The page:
Overview: Ex-con John Link protects his daughter from gangs of criminals. SND Films; 2016; Rated R; 88 minutes.
Dadcore: The latest in the long, ever-growing line of dadcore action movies, Blood Father sports classic B-movie grindhouse aesthetics. Where something like Non-Stop is a sleek, efficiently directed Hitchcockian action-thriller, Blood Father collects remnants of Mad Max and throws the character into a garden of grit and filth.
When John Link (Mel Gibson) finds daughter Lydia (Erin Moriarty) on his doorstep, embroiled in a criminal enterprise, the recovering ex-convict upends his lifestyle to face down the drug dealers seeking to do her harm.
Throwbacks and Schlock: The term “throwback” is tossed around these days for good reason. Nostalgia is a thriving trend. But what is often misconstrued in the vestige of a throwback nature is the attempt to mimic previous attempts. Blood Father doesn’t mimic; it simply follows the lead of grindhouse action movies, namely, Mad Max. That’s not a reference just for the star of the film, though much can be said for Mel Gibson’s acting chops. Directed by Jean-François Richet capitalizes on this by giving some semblance of humility to the world-weary badass.
If this all sounds familiar, it’s because you’ve probably seen at least one of the Taken movies or any of its ripoffs. The difference here is in the execution. You won’t find anything breathtaking or refreshing in Blood Father. What you will find is Mel Gibson reminding us why he used to be a movie star. He’s pretty good at this acting thing.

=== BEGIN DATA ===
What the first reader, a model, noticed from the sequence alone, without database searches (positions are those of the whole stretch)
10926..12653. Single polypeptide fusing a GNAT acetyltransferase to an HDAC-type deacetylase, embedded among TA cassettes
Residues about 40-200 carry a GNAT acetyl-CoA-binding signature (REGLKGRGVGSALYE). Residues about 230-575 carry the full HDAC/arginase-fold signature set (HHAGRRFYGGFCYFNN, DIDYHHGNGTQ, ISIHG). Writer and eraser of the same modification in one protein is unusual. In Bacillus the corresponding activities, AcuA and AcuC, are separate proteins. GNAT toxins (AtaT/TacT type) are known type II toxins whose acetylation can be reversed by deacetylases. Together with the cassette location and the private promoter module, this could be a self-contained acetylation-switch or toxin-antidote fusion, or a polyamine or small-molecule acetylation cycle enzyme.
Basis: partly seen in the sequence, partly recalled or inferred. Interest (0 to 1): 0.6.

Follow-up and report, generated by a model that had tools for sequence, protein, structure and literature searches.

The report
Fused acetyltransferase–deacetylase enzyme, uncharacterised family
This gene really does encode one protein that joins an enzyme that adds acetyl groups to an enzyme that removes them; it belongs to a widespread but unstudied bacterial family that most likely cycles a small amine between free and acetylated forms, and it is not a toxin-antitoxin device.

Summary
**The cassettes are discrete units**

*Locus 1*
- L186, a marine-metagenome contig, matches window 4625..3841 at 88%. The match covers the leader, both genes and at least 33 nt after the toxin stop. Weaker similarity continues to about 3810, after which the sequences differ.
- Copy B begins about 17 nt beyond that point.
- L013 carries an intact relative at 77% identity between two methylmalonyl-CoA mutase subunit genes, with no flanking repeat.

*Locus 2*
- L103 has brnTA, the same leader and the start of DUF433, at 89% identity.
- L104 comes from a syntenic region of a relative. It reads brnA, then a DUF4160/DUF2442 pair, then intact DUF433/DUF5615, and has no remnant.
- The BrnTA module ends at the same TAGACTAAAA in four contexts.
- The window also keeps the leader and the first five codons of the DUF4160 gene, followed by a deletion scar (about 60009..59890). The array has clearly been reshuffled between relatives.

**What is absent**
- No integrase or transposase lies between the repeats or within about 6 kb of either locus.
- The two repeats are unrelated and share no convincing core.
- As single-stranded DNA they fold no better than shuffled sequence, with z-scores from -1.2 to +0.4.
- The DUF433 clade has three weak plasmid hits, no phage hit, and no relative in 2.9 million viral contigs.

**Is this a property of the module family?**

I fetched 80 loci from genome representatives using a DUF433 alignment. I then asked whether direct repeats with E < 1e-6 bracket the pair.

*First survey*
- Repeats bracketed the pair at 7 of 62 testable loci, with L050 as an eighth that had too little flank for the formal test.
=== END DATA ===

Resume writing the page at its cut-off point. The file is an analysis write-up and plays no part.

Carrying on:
Like Blood Father, Like Blood Daughter: Inaudible grumbles and seething anger leave Gibson’s character John Link feeling like the bastard child of Gibson and Hardy’s Max Rockatansky. A feral energy capable of bursting out of his husky and hairy shell. It’s no small feat Gibson achieves here. He could easily phone this in and just carry himself on charisma. Instead he finds the truth in his performance. There’s nothing too deep in the script for the character, it’s mostly surface level machinations executed with precision, but Gibson imbues his protagonist with an embellished history.
The film could give Moriarty more to do given the circumstances but she holds her own. It’s a role that could be easily overacted but those who have seen Jessica Jones know she’s capable of giving layers of tragedy to a performance with minimal exposition. One can’t help but worry about the nature of typecasting in seeing her in similar roles. Hopefully she is given the opportunity to take on more complex roles in the future as she’s got the talent for it.
Forgive me, bloodfather, for I have sinned: To further the Mad Max comparisons, this is far more Mad Max than Road Warrior. Meaning there isn’t as much action as you’re expecting to see. It’s present but the focus is tighter on the father and daughter relationship than blowing up cars on a highway or tackling waves of henchman. When the action does kick off, it’s more satisfying. The finale lacks the oomph necessary to request your immediate watch on this. However, it may make a fun double-feature with the other Gibson genre fare from 2012 Get the Gringo. Gringo is far more efficient in terms of entertainment and an all-around better film. It’s all quite trashy (my, oh my, is it trashy), but the sort of trashy that comes with an appetite for junk food.
Overall: If you want to take a quick, trashy ride with Mel Gibson on a crusade to protect his daughter, kick up your feet, enjoy the solid gem that is Blood Father, and wash it down with a cold beer while getting inappropriately comfortable with a movie certain to find a home and a growing satisfied audience on Netflix.
Featured Image: SND Films